Giving our young people every opportunity in life is something we all hope to provide. The experiences they have develop their perspectives and skills, focus their minds, and lay the foundations for their ambitions, hopes and dreams.

Developing the skills to drive safely can open so many doors for young people and encourages them to experience and enjoy  our wonderful state with their family and friends. It also provides that amazing sense of freedom.

Freedom also brings responsibility and requires decisions to be made every time we get behind the wheel or into a car. These decisions, combined with our behaviour on the road, could save lives; our own, or our mates’.

According to a recent driver survey conducted by the RAC, young drivers in Western Australia do recognise risky behaviour on the roads, yet they still engage in this behaviour while driving.

While the impact of alcohol, speed and drugs remains real, distraction and inattention continue to be a problem for young drivers. Alarmingly, 65 per cent admitted to being distracted when having a conversation with a passenger, 44 per cent talk on mobile phones while driving, and 43 per cent read or send texts or emails.

Social media, the great communication driver for this generation, is also potentially a killer, with 20 per cent checking their accounts while sitting behind the wheel.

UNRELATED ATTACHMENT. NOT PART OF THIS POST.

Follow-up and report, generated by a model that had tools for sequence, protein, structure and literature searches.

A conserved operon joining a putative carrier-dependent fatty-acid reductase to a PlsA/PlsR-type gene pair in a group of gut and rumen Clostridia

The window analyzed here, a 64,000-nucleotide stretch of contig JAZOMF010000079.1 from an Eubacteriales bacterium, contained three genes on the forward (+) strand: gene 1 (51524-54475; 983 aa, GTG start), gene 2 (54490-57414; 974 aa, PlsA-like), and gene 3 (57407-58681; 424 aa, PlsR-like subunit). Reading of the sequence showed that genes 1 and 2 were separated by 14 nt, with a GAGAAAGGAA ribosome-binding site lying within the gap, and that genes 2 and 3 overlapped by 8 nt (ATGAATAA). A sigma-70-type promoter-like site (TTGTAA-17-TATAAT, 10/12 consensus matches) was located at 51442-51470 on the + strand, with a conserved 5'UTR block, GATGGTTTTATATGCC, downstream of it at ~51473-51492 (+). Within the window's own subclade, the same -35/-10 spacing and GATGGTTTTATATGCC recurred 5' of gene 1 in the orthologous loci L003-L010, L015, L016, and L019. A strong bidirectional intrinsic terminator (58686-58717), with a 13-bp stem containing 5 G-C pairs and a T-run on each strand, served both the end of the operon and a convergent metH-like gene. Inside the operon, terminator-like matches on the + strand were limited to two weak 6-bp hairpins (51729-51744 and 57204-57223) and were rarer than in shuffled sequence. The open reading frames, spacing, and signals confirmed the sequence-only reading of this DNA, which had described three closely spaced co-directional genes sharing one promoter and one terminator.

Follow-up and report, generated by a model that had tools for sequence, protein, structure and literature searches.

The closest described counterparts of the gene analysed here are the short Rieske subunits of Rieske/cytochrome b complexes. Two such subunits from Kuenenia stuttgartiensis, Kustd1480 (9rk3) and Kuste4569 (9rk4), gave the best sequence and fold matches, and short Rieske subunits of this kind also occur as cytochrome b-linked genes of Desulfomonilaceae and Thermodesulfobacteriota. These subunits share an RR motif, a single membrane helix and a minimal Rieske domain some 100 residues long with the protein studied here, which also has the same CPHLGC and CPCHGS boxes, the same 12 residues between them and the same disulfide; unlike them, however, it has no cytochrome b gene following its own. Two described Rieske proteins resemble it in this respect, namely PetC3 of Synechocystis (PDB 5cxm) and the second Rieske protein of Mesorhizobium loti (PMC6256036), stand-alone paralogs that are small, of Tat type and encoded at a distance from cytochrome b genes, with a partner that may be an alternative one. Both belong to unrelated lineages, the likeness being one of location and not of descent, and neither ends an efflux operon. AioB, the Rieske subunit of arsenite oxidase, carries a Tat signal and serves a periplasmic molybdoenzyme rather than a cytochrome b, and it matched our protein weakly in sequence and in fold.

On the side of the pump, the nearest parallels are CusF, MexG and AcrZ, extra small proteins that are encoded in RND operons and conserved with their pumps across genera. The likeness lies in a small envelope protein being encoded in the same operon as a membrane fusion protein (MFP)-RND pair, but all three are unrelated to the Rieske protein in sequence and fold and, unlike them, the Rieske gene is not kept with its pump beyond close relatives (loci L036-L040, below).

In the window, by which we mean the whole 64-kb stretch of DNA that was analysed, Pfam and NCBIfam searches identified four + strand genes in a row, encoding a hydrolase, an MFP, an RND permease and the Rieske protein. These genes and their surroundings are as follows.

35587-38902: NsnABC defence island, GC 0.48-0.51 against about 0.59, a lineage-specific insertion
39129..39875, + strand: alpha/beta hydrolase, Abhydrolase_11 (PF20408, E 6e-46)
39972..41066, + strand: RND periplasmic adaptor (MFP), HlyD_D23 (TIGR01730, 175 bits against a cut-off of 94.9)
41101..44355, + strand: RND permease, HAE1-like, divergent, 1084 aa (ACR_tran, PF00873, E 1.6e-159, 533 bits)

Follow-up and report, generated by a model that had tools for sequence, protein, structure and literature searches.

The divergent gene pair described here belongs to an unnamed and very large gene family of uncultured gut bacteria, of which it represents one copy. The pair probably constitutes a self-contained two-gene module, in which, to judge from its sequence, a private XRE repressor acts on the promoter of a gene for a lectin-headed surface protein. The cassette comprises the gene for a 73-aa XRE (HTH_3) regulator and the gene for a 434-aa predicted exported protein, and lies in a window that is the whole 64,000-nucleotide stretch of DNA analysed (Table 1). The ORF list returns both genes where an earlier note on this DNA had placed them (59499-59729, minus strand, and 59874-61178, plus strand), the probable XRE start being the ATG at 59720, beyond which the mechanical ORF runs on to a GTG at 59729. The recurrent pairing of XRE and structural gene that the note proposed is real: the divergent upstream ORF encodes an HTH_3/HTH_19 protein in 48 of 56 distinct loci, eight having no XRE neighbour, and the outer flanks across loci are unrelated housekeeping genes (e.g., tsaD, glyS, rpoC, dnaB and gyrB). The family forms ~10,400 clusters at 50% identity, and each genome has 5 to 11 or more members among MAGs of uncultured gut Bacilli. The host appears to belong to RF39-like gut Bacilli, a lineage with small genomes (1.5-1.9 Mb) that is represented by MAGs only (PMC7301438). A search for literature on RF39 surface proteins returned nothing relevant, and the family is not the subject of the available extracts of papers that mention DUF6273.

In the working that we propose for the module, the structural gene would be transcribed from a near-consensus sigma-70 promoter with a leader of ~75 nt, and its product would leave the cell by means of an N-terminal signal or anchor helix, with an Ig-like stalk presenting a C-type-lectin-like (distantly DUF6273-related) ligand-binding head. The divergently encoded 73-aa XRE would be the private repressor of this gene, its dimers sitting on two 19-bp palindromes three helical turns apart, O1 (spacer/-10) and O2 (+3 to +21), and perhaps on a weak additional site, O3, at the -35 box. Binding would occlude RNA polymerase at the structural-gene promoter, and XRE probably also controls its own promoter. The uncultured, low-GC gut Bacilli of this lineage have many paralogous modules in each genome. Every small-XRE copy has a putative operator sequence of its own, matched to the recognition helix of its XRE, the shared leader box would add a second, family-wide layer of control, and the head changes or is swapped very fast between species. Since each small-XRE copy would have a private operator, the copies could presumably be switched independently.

Our ongoing concern is the disconnect between our young drivers’ understanding of road safety and their behaviour. The attitude of “it will never happen to me” is clearly still prevalent.

The RAC will again test this attitude, and the reality of its impact, in April this year at the RAC’s bstreetsmart event.

Now in its third year, RAC bstreetsmart is a partnership between the RAC, WA Police, Department of Fire and Emergency Services, St John Ambulance and Royal Perth Hospital and will be held at Perth Arena.

More than 6,500 year 10, 11 and 12 students are expected to attend the event and witness the compelling re-enactment of a real crash scene. The re-enactment not only aims to show students how emergency services are involved at the scene of a crash, but also the impact a road trauma incident can have on all those involved.

Students will also hear from people who have been personally a ected by road trauma and have lived the frightening reality, an experience they don’t want other young people to repeat.

The RAC is focused on our next generation of drivers because they are among the most vulnerable groups on our roads. In 2012, 17 to 19 year-olds made up 4 per cent of the WA population yet were overrepresented in road deaths, comprising 7 per cent of road fatalities.

The message is clear – too many young people are dying on our roads.

Esme Bowen RAC President